William Towner Morgan ’55. Where Rivers Merge: Stories from the History of Sartell, Minnesota (2022)

Dr. Bill Morgan ’55 taught American studies at St. Cloud State University from 1978 to 2009 where he designed courses in American architecture, local history, and preservation. He wrote monthly articles on those subjects for the St. Cloud Times, and many of those pieces appear in his book, Where Rivers Merge, in edited form.

“As a writer who likes ‘being there,’ I have experienced some thrilling moments in and around local historic sites, including climbing to the top of Peace Rock; visiting several places where oxcart remnants can still be seen; and exploring the last-standing yellow-brick building on the abandoned paper mill site. Sartell’s late nineteenth- and early twentieth-century character is well represented by these historic structures.

My searches have also taken me to several historic sites near Sartell as well, including the Arnold/Heim Mill and House; the Graves’ Farm; the site of the vanished town of Watab; and the Rice, Minnesota, cemetery where lie members of the wedding party who died in the 1886 cyclone.”

Ben Voigt ’10. Postpastoral (Poetry.onl, 2023)

An academic information associate at Macalester, Ben Voigt ’10 was awarded the inaugural Poetry.onl Chapbook Fellowship, which includes publication of a chapbook. “It’s been a joy and an honor to find a home for my work that really understands and affirms what I’m up to,” he said.

The poems in his chapbook, Postpastoral, wrestle with how technology (from Facebook to farm equipment) not only shapes our everyday experiences in the twenty-first century, but connects us intimately to the violence of global capitalism. “We have to ask: What’s the cost of these digital escapes?” Voigt said. “The long poem from my chapbook is an elegy for Xu Lizhi, a poet who wrote about life in a Foxconn factory in China, and eventually committed suicide. Is all my scrolling on the other side of the world partly responsible for his death? To me, that’s an open question.”

Sarah Rossmann Deschamps ’88. Journey to Japan: A Life-Saving Memoir (Amazon Publishing Lab, 2023)

Calling her memoir a “true Macalester story,” Sarah Rossmann Deschamps ’88 recounts how, after moving from Minnesota to Tokyo with her family and dreaming of exploration and adventure, she gave birth to a baby with multiple medical issues. She details their lengthy “cross-cultural medical nightmare,” and her family’s relentless determination to give their child the best chance in the world.

Fred and I met in 1985 at Macalester. Fred was from Belgium, and I was from across the street. On our first date, we went to a Japanese restaurant near campus. Fred proclaimed, “I took you to a Japanese place because I want to live in Japan someday.”

I loved to travel. When I was a child, my parents took us to Europe and Australia. At Mac, I took every opportunity to travel. I spent January terms in Spain, in New York at the United Nations, and my senior year in China. I studied in Bogotá, Colombia, for a semester during my junior year. Japan intrigued me. The moment Fred mentioned it, I was all in. We married in 1992, traveled the world, and fell in love with the idea of living abroad.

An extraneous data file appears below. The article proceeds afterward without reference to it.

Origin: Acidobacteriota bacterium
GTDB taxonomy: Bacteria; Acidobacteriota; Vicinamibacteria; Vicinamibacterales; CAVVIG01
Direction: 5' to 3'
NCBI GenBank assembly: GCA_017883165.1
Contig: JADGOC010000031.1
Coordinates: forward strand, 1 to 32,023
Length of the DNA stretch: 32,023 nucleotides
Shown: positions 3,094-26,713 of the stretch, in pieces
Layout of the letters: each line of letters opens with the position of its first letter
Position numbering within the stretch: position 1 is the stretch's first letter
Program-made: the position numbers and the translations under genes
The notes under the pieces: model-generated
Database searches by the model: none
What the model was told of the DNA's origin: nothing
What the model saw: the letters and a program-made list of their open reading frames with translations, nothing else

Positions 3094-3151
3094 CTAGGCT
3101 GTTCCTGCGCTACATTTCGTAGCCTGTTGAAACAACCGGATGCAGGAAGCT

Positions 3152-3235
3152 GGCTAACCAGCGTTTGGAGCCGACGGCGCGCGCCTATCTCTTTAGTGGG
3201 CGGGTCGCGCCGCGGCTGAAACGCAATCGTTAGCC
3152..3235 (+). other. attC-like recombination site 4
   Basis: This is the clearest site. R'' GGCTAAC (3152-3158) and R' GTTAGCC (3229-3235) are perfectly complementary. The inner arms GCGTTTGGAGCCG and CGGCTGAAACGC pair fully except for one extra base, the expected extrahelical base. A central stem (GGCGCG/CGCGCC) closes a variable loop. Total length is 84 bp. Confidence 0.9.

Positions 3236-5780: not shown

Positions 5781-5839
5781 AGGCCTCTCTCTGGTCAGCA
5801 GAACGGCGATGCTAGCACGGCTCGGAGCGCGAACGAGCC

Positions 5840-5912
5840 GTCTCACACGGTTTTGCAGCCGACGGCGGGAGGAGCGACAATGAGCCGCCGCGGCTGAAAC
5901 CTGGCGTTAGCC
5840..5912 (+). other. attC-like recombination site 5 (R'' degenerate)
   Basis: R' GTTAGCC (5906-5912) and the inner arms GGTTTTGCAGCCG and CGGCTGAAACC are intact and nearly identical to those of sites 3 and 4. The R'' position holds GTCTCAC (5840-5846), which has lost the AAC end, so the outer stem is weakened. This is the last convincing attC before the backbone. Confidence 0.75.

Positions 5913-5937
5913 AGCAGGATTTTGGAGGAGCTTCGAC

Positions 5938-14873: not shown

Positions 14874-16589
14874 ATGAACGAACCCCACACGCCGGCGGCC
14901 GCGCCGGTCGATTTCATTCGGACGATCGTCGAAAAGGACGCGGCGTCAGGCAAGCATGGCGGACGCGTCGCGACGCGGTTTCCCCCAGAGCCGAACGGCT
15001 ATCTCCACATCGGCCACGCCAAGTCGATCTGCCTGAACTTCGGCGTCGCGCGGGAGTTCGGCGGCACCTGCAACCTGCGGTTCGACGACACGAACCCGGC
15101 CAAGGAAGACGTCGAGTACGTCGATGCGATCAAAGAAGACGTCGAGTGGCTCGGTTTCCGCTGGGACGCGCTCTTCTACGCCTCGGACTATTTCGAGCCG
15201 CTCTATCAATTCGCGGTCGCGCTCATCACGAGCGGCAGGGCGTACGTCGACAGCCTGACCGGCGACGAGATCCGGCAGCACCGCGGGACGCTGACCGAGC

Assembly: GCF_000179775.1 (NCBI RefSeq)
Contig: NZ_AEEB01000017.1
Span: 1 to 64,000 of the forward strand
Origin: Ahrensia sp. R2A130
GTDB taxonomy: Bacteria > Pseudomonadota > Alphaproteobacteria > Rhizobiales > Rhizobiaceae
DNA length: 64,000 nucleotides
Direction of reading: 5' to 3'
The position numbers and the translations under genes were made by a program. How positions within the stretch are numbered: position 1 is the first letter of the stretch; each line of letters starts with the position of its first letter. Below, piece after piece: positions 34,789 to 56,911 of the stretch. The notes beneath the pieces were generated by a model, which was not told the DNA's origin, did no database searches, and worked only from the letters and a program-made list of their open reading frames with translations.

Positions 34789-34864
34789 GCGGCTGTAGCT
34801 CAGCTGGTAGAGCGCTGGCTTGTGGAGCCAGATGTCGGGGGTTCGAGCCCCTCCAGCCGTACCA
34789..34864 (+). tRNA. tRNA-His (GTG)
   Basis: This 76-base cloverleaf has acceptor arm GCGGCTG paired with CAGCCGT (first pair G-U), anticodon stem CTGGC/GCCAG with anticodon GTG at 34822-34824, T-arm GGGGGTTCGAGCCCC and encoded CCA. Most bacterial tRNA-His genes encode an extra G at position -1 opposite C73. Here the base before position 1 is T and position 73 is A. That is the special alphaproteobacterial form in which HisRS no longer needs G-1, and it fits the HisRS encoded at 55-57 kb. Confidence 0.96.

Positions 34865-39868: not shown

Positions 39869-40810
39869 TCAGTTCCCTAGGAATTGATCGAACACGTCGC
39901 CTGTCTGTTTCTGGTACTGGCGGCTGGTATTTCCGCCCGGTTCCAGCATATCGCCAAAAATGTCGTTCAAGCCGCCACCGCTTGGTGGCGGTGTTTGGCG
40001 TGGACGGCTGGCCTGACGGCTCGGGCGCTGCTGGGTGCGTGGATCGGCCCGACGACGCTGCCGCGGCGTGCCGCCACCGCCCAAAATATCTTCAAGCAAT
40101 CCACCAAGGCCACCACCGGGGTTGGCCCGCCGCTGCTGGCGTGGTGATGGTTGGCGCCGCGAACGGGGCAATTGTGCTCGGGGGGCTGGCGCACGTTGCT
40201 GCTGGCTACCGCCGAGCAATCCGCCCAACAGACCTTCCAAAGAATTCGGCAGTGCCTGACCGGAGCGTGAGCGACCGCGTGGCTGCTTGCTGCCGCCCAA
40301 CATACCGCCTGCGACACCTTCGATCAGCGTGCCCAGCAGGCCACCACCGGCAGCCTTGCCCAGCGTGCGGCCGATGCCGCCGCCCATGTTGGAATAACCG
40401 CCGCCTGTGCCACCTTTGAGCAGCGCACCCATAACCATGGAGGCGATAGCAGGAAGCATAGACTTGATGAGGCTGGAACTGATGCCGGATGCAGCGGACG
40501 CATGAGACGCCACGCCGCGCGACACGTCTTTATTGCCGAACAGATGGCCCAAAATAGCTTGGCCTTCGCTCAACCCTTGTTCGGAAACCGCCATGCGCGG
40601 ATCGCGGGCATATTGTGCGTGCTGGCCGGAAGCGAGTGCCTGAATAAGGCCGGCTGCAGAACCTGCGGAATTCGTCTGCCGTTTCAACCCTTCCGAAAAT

Freya Manfred ’66. When I was Young and Old: Poems and Prose (Nodin Press, 2023)

“When I Was Young and Old”

Out of nowhere we find ourselves
stretched out under the sun on the summer lawn,
and I saw how lively, how supple, he was
in each new pose, as I breathed in, yes, and out yes,

and when we sat down to eat I heard every word
he spoke, yes, as if he knew I would always understand,
and I asked for soup that was green and wild,
and he wanted to taste it, and I said yes again,

and on the mountains we slid so smoothly
through snow drifts, down icy-steep ravines,
on our two simple, matter-of-fact feet, yes —
and when I wandered off alone,
the wolf who followed us did not attack,
but went his solitary way, so I felt safe, yes.

And when we lay down together, at last,
I was amazed how much care he gave
to my humble, forgotten ears and cosmic toes,
and when he kissed me, I slipped like lightning
into another world, yes and yes and yes.

This all happened when he was young and I was old,
and I was young and he was old,
and it still happens whenever a dream arrives at night
to assure me it was all meant to be.

But now I wonder, is my dream more alive
than the poem I write about the dream?
And is my life as alive, as real, as the poem or the dream?

Yes, and yes, and yes.

Deborah G. Martin ’91 and Joseph Pierce. How To Think About Cities (Polity Books, 2023)

Michael Mario Albrecht ’98. Trumping the Media: Politics and Democracy in the Post-Truth Era (Bloomsbury 2022)

July 25 2023

Back to top